And then, a few lost years of thinking I was crazy– of everyone else thinking I was crazy too.  Of my nervous system spinning out of control, and telling me that everything was hurt; everything was damaged…

Until finally, I discovered the work of Neil Pearson (and, by extension, Lorimer Moseley and David Butler)…

And how it changed everything about how I think about myself.  Not just my pain, and my physical body, but myself as a person.  How I realized I didn’t have a psychological problem, and that everyone who told me I did wasn’t seeing clearly.

And now, five years later, I’ve developed a perspective that I am honestly quite proud of.  I’m not afraid of my body anymore.  Not afraid of myself anymore.

I can now hear in my own voice, at times, the same rationality that I used to cling to in the voices of my doctors and physical therapists.  Thanks to all the classes I’ve taken, and the reading I’ve done, and all the questions I’ve sometimes had to push various medical professionals to answer, I’ve actually managed to piece together a larger picture.  One in which I’m not constantly afraid, or thinking something’s wrong with me.

Now I can think objectively.  I can think scientifically.

But I’m not out of the woods yet.

It’s the story of my life that just I find the answers to one problem, another problem develops.   I’ve written before about my issues with the sacroiliac joint, and they have turned to be almost as mysterious and vexing as my chronic pain problem.

But I’m going to write about them.  I’m going to write about all of it.

It’s not just about finding the answers.  It’s about how you get there.

Building Back My Muscle Strength

The more knowledge I’ve acquired about the human body, the more I realize that most of the problems I have now are due to lack of muscle strength.

When I developed compartment syndrome at the age of seventeen, it was due to over-training for the spring track season (combined with the fact that I had an eating disorder, and was also starving myself).

But everything since then—that’s all been the indirect result of muscle weakness.

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I first learned about the concept of muscular atrophy when my friend fell in second grade gym class and broke her arm. I remember the gym teacher telling us then (after the ambulance had taken my friend away) that when she got her cast off in a few months, her arm would look small and shrunken compared to the other arm.

The teacher explained that when you don’t use a muscle at all for a very long time, your body lets it get weak because it doesn’t think you really need it. And that it can happen quickly– really quickly. That it would take my friend a lot longer to do these exercises to build her arm back up than it had taken for her muscles to get weak with the cast on.

That concept—atrophy—scared me so much when I first learned about it then.

But when it actually happened to me, following my leg injury, it was gradual. I didn’t really notice the rest of my body getting weak, because it was overshadowed by the pins and needles in my lower legs.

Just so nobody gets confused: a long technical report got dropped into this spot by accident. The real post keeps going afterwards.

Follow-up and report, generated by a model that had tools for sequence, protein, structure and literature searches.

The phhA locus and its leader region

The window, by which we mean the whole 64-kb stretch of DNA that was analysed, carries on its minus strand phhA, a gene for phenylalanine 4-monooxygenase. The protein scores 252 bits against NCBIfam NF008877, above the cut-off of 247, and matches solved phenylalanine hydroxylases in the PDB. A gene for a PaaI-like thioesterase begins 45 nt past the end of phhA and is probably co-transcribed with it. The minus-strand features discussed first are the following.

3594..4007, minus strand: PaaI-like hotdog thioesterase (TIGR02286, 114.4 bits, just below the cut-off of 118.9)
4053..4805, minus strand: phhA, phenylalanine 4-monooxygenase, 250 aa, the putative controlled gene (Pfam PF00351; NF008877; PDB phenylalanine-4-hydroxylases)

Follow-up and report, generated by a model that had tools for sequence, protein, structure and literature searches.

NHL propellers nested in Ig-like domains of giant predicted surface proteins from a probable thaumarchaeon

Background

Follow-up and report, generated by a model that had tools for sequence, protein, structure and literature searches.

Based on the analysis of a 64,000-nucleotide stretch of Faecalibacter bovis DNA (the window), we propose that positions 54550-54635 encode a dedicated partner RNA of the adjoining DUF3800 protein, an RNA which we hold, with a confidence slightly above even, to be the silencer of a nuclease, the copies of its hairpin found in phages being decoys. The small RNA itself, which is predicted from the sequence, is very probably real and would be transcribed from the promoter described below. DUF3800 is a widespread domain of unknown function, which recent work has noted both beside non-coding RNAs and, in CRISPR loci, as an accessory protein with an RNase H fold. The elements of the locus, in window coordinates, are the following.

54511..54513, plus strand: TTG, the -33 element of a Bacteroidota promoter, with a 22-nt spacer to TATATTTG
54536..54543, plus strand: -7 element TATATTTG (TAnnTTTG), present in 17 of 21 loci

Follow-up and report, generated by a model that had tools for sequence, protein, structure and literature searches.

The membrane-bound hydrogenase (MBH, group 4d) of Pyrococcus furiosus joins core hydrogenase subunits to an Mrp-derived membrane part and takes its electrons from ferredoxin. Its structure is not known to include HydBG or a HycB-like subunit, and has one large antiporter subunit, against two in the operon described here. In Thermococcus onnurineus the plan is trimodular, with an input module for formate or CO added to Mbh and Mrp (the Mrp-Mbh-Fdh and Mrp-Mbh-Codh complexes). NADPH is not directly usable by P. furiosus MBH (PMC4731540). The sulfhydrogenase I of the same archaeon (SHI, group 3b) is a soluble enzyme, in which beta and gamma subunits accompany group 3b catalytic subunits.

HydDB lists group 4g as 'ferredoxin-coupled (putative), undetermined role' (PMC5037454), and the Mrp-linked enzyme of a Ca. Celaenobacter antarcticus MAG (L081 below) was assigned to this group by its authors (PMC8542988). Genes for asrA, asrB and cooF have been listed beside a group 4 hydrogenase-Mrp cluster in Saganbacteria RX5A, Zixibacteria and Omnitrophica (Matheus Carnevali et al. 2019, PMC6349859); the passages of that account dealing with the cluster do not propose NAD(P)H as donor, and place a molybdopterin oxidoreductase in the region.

If I could go back in time, I would have worked out in a pool every day, so that I could I maintain all of the other muscles in my body I wasn’t really thinking about– back, shoulders, trunk/core– despite the fact that I couldn’t really use my legs.

I didn’t actually feel the atrophy as it happened. I felt like I was choosing not to use my body to do certain things because of the pain in my legs, not because of weakness.

But when I threw my back out, a month after my leg surgery—that probably wouldn’t have happened if I hadn’t come so weak.

And that, in turn, is when my nervous system really went crazy—which of course, started off its whole chain of problems, which of course my regular readers already know about.

But I’m coming full circle now.

I’ve addressed the pain—or, more specifically, learned how to address it. (This process of learning to manage chronic pain—it’s not something you do once and are done with. It’s about learning how to think. The knowledge that the more you feel you have control over what’s happening in your body, and that you truly understand what could be causing the pain—that’s an equilibrium that you must continually strive towards and re-create).

And now I see the underlying problem– that I am weak. Less now, of course, now that I’ve been working out in the pool for so long. But nowhere near as strong as your ordinary, average person who might not work out regularly, but has never had an extended period of time where they had to stop using their body.

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When I first started to voice my idea of becoming a physical therapist, there were actually quite a number of people who discouraged me.

“But it’s such a physically demanding career,” they would say. “Can you do that?”

And yes, I’ll be honest—sometimes that question makes me a bit nervous too.

But there’s no reason I can’t get strong again. I am lucky not to have anything wrong with me that is permanent. I just need knowledge.

When I took Kinesiology last summer, that was the point at which everything started to click for me. I learned about the motions each joint of the body can perform, and how the different muscles work together to produce that movement.